Illinois courts, like those all across the country, often function at full capacity. With the sheer number of legal disputes heard in state courtrooms on any given day, it can be easy to see how they can get backed up now and then. Though, that’s little consolation for the thousands of people that find themselves navigating through the legal system each year. Divorce litigation may at least begin to move along a bit more smoothly if new legislation is passed into law. And while that alone is a promising prospect for many, there’s also hope that the proposed bills will ease the burden on separating couples and their families.
Currently, the majority of divorce proceedings in Illinois are structured around standards known as the Collaborative Participation Agreement. Opponents of this type of contract argue that it can be less effective since guidelines set in such an agreement are often altered, which compromises the overall process.
One alternative to the more conventional method is something called the Uniform Collaborative Law Act (UCLA), which is a more structured and consistent approach to settling disputes, according to advocates. Several states across the union have already enacted the UCLA. Proponents of the Act note that it promotes a healthier, more productive type of bargaining between divorcing couples. Under the UCLA, both parties are encouraged to listen to the other’s expectations and needs in an effort to come to an agreement that is mutually beneficial.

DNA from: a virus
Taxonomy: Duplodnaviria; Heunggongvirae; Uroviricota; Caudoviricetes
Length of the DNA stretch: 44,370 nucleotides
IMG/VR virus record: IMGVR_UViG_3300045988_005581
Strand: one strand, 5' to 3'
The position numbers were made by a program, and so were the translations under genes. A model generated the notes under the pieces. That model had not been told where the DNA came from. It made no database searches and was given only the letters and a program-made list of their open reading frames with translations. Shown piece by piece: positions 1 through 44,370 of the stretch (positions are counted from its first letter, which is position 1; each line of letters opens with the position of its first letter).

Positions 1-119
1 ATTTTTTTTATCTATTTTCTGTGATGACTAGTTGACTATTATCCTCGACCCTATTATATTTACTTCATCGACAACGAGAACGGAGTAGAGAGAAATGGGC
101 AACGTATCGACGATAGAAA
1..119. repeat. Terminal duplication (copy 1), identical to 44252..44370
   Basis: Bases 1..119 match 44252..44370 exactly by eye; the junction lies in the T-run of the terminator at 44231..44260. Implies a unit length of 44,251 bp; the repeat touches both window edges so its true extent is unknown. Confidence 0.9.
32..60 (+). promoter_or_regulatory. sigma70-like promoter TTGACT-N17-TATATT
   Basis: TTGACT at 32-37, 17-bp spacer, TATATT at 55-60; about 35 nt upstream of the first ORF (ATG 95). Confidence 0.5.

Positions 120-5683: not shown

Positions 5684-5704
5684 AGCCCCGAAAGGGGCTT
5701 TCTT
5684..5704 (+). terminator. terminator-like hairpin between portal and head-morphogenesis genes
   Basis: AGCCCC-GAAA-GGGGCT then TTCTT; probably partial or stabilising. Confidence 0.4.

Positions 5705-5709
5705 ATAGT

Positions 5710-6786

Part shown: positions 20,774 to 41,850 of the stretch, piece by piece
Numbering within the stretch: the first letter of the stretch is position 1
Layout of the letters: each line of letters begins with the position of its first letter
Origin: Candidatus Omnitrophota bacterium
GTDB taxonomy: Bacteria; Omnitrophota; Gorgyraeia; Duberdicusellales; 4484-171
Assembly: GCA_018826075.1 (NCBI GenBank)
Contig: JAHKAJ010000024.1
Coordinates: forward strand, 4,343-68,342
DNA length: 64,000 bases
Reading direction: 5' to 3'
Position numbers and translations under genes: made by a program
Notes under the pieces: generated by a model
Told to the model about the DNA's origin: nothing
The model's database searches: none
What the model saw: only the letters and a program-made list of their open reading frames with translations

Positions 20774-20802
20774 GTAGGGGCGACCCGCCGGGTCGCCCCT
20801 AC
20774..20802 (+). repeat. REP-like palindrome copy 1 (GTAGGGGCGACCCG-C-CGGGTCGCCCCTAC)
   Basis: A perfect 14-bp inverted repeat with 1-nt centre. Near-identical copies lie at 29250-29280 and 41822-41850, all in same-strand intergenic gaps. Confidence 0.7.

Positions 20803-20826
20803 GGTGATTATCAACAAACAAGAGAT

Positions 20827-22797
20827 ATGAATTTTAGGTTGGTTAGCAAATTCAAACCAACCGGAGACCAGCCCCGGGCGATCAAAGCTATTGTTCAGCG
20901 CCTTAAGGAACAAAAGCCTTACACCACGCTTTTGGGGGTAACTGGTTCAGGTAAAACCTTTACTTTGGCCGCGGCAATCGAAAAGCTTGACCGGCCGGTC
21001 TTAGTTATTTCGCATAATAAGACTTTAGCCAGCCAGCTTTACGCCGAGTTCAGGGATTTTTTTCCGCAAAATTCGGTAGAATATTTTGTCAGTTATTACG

The UCLA is comprised of two bills that will be voted upon by the state House of Representatives and Senate this spring. Those in favor of the new legislation hope it may promote conflict resolution and empowerment for those filing for divorce in Illinois.
Source: Chicago Tribune, “Lake in the Hills Woman Advocates for Bill That Would Help Reduce Divorce’s Emotional, Financial Toll,” Matt Baron, March 21, 2013